When students pursue an education in archaeology, they often imagine going to places like Egypt, Greece, China, or even diving into the ocean in search of sunken trade ships from years long past. Their hopes and dreams are based on old stories of early 18th century explorers and classic movies like Indiana Jones. However, their dreams are also grounded. But who could have predicted that archaeologists would someday leave Earth altogether?
That’s right, archaeologists could soon be headed to space. As wild as it may seem, advances into space archaeology are already underway, and archaeologists have started using the technology that could help us discover aliens on our own planet.
Sarah Parcak, winner of the 2016 TED Prize, is a true-to-life space archaeologist. Traditionally, archaeology utilizes ground penetrating radar (GPR) and hours of arduous excavating to search for tombs, tools, bones, and ancient cities. Her work, however, consists of satellite imagery primarily to track looting and to find pyramids hidden under Egyptian cities.
With her money won by the TED Prize, she will be creating an open platform site where everyone with access can aid in tracking this data. She’s turned her vital research into a fun game for everyday people, and potentially has created a new era of archaeology: bringing this profession drenched in history into the modern world. Although her work is still based on Earth, her equipment is in space, and it could be a vital key to beginning the search for extraterrestrial beings or water on other planets.
As noted in an Astronaut article from July, 2017, one of the keys to finding alien life might not be aliens themselves, but traces of life in soil samples and bedrock. By utilizing enhanced satellite imagery — potentially via the same method as Sarah Parcak — scientists could pinpoint the location of potential sites of interest. Once those areas are identified, they could launch GPR devices directly to the surface to get further data, and potentially unearth traces of organic life: whether that is water, micro-organisms, or larger fossils.
But GPR devices don’t always need to be touching the planet they’re observing. In 2005, research was conducted on creating a GPR satellite specifically for archaeological application that didn’t require contact with the surface and could survey the ground through radio waves. It wasn’t the first of its kind, either, as 1972 saw the first launch of a ground-penetrating satellite. Since then multiple satellites are currently in orbit that utilize a similar sound-based application, but focused on Earth. One such satellite, Nozomi, was launched by Japan in 1998 for a mission to Mars, but was ultimately lost.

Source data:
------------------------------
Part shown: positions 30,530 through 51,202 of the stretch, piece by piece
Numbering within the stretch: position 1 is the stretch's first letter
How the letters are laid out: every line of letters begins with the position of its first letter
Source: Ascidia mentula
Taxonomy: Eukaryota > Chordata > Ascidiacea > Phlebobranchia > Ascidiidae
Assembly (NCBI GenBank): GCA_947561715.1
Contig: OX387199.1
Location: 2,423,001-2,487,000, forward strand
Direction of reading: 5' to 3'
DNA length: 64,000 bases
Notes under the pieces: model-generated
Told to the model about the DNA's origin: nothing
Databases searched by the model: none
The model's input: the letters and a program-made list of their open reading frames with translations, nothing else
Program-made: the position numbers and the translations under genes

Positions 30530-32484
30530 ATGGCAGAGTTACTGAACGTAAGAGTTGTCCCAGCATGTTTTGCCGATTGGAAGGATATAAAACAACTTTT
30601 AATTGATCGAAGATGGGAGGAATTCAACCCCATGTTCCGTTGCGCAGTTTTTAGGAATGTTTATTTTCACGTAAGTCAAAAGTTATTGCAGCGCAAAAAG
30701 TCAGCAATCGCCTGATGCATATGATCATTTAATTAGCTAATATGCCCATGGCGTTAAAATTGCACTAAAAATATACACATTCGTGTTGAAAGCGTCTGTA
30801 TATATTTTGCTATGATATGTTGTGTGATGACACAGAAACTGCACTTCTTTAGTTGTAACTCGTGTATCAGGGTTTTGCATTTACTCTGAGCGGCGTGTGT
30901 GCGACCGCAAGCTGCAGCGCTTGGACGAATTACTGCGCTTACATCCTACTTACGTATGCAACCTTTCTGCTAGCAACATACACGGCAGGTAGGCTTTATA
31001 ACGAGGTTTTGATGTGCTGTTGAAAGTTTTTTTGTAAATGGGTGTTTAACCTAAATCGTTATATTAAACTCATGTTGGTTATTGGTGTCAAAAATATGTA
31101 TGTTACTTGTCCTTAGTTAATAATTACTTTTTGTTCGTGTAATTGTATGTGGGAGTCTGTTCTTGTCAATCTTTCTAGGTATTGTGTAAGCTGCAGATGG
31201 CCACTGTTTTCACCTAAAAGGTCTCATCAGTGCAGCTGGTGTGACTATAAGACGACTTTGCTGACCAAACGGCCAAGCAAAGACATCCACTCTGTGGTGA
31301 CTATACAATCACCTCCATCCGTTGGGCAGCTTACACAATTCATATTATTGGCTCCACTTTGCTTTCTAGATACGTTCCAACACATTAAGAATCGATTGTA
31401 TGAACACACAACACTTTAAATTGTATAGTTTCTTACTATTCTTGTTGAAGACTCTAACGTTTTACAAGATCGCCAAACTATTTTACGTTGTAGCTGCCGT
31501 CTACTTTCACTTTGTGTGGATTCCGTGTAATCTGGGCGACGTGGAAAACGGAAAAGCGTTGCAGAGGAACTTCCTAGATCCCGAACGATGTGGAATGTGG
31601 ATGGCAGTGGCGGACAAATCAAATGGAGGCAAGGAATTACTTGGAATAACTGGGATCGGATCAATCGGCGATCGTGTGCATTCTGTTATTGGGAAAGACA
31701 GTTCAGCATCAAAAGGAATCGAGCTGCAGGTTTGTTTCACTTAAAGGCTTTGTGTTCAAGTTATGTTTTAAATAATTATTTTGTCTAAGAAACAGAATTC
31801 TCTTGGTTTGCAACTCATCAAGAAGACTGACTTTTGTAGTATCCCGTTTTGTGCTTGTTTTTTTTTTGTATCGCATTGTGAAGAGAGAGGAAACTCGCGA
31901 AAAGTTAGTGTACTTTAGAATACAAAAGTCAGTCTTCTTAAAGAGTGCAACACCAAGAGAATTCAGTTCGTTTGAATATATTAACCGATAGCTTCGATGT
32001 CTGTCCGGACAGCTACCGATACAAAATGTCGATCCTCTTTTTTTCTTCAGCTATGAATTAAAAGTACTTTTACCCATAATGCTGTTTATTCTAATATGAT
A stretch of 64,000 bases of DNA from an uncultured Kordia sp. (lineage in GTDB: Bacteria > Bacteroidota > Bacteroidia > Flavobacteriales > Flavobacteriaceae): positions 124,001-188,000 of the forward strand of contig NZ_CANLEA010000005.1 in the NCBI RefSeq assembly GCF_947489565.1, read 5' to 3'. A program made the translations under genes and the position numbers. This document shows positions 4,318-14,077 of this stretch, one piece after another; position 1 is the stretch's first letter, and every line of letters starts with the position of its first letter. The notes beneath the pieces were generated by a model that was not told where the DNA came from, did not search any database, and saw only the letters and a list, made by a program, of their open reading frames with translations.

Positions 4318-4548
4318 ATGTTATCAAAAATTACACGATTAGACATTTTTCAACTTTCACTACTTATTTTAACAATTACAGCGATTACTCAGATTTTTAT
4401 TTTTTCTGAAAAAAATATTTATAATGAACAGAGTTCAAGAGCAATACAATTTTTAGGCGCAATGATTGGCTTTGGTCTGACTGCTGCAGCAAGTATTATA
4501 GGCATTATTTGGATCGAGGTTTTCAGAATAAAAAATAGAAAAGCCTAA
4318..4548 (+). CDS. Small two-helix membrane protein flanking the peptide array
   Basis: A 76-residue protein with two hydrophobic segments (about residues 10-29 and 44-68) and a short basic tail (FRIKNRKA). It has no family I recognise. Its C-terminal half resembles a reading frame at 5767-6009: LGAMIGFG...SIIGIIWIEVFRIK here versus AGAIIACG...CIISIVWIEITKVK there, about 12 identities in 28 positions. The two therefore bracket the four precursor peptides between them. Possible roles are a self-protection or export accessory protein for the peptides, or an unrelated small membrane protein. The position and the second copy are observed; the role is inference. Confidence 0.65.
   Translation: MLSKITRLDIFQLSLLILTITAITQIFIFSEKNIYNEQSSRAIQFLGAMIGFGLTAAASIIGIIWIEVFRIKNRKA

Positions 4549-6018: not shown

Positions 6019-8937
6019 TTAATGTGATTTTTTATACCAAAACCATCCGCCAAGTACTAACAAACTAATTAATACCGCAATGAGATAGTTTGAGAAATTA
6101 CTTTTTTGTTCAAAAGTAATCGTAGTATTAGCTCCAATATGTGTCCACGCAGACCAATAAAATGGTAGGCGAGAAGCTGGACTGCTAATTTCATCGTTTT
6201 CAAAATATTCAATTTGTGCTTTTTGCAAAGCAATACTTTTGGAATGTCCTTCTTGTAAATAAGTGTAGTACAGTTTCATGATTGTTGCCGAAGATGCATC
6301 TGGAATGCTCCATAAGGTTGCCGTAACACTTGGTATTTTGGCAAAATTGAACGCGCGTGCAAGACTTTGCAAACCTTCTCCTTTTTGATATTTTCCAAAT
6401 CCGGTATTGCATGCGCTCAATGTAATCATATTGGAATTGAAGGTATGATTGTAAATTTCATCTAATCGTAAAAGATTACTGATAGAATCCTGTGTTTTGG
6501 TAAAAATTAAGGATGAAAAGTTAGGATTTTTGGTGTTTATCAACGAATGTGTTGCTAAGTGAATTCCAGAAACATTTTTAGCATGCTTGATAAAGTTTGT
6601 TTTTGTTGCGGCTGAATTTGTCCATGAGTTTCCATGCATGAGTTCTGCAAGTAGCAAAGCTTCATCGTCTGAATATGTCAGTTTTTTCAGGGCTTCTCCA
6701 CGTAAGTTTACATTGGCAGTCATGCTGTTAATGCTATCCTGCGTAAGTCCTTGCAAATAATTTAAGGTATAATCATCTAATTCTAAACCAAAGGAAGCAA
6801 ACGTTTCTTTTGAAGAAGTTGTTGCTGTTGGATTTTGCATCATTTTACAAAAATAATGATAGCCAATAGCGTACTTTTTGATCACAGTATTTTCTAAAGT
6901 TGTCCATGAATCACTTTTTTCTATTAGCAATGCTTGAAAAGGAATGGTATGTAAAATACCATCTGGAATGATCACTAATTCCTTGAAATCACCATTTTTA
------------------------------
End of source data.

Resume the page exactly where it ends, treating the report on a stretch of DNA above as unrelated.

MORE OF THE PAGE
More recently, a GPR device was designed and proposed for the Mars Science Laboratory (MSL) in 2016, named STRATA. Although the project was not ultimately chosen for the NASA mission, the Smithsonian highlighted the project and its potential to properly evaluate Mars. As noted in the feature on STRATA:
“Assessing habitability and aqueous history of a region on Mars are main objectives of the MSL mission. The STRATA instrument would use a 400-MHz impulse to define stratigraphy at a spacial resolution of tens of centimeters to 10-15 m depth. The application of GPR would focus on locating, recording, and assessing the history of aqueous deposition, as well as providing the context for other MSL instruments to assess the biological potential of the areas under investigation.”
If such an application ever does become of use to the Mars Science Laboratory, and water or biological life were ever found, space archaeologists could be soon to follow. Although many of these theories are based on “what if’s,” it’s exciting to think of the potential this technology that is used currently on Earth could have for other planets.
However, until that day comes, archaeologists on Earth such as Sarah Parcak will continue to protect historic sites by utilizing advanced satellite imagery. Archaeology may be the study of civilizations long past, but through the use of modern technology, it has joined the future.
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